Easter Message, April 9, 2023: "Weeping Into Dancing," John 20:1-18

Easter Message, April 9, 2023: "Weeping Into Dancing," John 20:1-18

Author: Rev. Scott W. Cousineau
April 11, 2023


“Weeping Into Dancing”
An Easter Message by Rev. Scott W. Cousineau
John 20:1-18

            As you might imagine, over the course of my ministry I have done quite a number of funeral services. Without going into too much detail, because I certainly do not want to upset anyone or trigger any deep feelings, I will share just a bit of my process. I always meet with the family to plan the services. Part of that is to determine who they would like to have speak, what music they might like, what scripture passages, etc. I always want the services to be of their creation.

            I also ask them to tell me about their loved one. I ask them to tell me stories; not just the ones that we can share during the services, but also the ones that tell me about them as a person. Then, as I begin to create the ceremony, I try to place myself into their family. I try to feel the dynamics of their relationships. I try to feel their sorrow as if it was my own. I do that so that the service can truly reflect the love that they shared. And I will say that I am truly grateful for their willingness to share their stories with me.

            I try to use a similar process when I write my sermons. As I read and reflect on the scripture passages, I try to imagine myself in that scene. I try to imagine their lives as my life. I try to understand the cultural circumstances and place myself in that historical context. Perhaps you do the same thing when you read scripture.

            I have also shared with you the challenges that I have experienced. I TRY to imagine what it would be like to walk with Jesus, and talk with Jesus, and break bread with Jesus. I try to imagine how powerful it is, and at the same time how peaceful it is. I try to imagine how beautiful it must be and how absolutely precious one must feel when they are in his presence. And I do get a genuine sense of calm, and peace, and wonder that settles over me as I imagine.

            However, I also realize that it had to have been so much more powerful and more peaceful for those first disciples. Honestly, I think that it must have been so far beyond our own personal experiences that I cannot possibly begin to have any real understanding of what it felt like. And that is what makes today’s passage so difficult.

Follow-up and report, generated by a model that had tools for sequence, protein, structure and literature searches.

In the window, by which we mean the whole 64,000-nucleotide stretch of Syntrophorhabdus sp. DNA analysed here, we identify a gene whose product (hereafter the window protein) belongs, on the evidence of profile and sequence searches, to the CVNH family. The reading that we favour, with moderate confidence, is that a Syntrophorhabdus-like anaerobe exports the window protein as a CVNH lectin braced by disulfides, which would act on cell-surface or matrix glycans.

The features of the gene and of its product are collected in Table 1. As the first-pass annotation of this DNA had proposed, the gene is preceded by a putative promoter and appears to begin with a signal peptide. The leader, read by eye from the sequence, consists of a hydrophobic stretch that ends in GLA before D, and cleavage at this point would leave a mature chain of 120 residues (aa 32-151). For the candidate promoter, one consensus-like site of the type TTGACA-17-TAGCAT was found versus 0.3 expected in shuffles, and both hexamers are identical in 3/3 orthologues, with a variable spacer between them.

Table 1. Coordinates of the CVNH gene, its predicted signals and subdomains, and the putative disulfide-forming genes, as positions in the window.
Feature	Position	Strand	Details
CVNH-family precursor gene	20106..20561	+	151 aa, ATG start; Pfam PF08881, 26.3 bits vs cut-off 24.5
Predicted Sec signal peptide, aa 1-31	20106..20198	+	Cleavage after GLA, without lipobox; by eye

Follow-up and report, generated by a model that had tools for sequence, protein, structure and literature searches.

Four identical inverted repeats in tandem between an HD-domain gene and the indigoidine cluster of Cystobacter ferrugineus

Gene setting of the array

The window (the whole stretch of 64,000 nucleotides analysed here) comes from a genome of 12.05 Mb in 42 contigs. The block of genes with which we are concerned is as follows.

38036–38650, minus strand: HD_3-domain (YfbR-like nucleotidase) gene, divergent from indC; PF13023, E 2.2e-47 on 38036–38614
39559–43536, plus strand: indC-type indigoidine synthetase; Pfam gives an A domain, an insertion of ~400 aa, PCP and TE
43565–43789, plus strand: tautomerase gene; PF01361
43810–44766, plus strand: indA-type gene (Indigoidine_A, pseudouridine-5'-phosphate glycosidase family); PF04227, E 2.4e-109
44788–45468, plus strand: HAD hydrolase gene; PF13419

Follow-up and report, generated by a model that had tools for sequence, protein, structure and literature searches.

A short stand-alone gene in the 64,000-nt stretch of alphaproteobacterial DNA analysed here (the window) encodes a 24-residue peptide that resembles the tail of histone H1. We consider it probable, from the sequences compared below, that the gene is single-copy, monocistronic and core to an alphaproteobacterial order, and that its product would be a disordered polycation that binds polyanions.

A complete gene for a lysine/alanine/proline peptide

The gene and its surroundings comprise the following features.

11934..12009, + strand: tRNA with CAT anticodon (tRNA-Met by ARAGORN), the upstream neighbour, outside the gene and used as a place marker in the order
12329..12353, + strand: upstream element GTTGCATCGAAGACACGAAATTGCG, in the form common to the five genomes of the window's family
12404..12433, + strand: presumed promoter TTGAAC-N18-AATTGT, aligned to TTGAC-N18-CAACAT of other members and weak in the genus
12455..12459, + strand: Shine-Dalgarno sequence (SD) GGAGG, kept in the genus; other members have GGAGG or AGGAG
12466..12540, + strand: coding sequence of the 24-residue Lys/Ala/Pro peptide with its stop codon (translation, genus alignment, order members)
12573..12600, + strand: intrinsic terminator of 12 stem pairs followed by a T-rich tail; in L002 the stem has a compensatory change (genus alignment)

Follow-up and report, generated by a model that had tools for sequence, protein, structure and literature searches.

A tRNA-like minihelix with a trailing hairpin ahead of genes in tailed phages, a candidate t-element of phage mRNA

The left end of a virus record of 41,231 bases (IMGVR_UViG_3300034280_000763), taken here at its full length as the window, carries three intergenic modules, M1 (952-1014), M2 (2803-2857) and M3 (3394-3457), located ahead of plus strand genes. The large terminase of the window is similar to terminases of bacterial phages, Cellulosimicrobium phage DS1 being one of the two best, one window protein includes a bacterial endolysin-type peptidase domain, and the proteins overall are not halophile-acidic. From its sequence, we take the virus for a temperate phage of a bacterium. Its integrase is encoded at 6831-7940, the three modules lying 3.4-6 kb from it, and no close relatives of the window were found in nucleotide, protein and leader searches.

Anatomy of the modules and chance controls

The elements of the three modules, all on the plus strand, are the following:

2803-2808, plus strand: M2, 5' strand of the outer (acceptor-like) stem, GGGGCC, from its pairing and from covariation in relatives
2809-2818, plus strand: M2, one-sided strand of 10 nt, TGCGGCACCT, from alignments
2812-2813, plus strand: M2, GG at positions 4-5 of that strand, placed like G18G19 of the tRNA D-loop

How can we possibly place ourselves in this scene?

            Those first disciples spent three years with the purest expression of genuine love that the world has even seen. They walked with him and sat with him. They had the unbelievable opportunity to speak with him and listen to him. They saw the things that he did that defied the laws of natural science, things that are far beyond OUR modern understanding. Imagine what it must have been like for them! They saw him love in a way that no one had ever loved before. He told them and showed them how God intends our lives to be.

            And then this week happened. On Thursday, he spent the most incredibly intimate evening with them. He prayed with them and ate with them. According to some accounts, he washed their feet, one of the most common acts of hospitality. And then they went out to the Mount of Olives … where he was arrested and taken away.

            He was tried and denied. He was convicted and sentenced to death. He was beaten and mocked. The crowds jeered as he passed. And then he was crucified in a grotesque and horrific public display of cruelty. He died and they removed his broken body from the cross, then he was placed in a tomb. The door was sealed by the authorities.

            Hebrew culture dictated that loved ones grieve over their dead for three days. They believed that was how long their spirit lingered. However, those who loved Jesus could not go to the tomb to mourn for fear of breaking the Sabbath laws. They had to wait.

            They waited … away from the tomb.

            They mourned … away from the tomb.

            And they wept.

            Finally, on Sunday morning, the Sabbath ended at sun-up. Mary Magdalene had been one of those who witnessed the loving grace of Jesus Christ, but even more … she experienced it. She knew the power of it. She knew the peace that she felt as her guilt washed away. She knew the freedom that she experienced when her accusers walked away.

            Mary’s love for Jesus would not wait any longer. It sent her running to the tomb as soon as the sun broke the horizon. She had to get there in time. She had to get there before his spirit departed.

            Once again, I cannot even begin to imagine the depth of her emotion. I cannot begin to imagine the depth of her sorrow, the magnitude of her pain.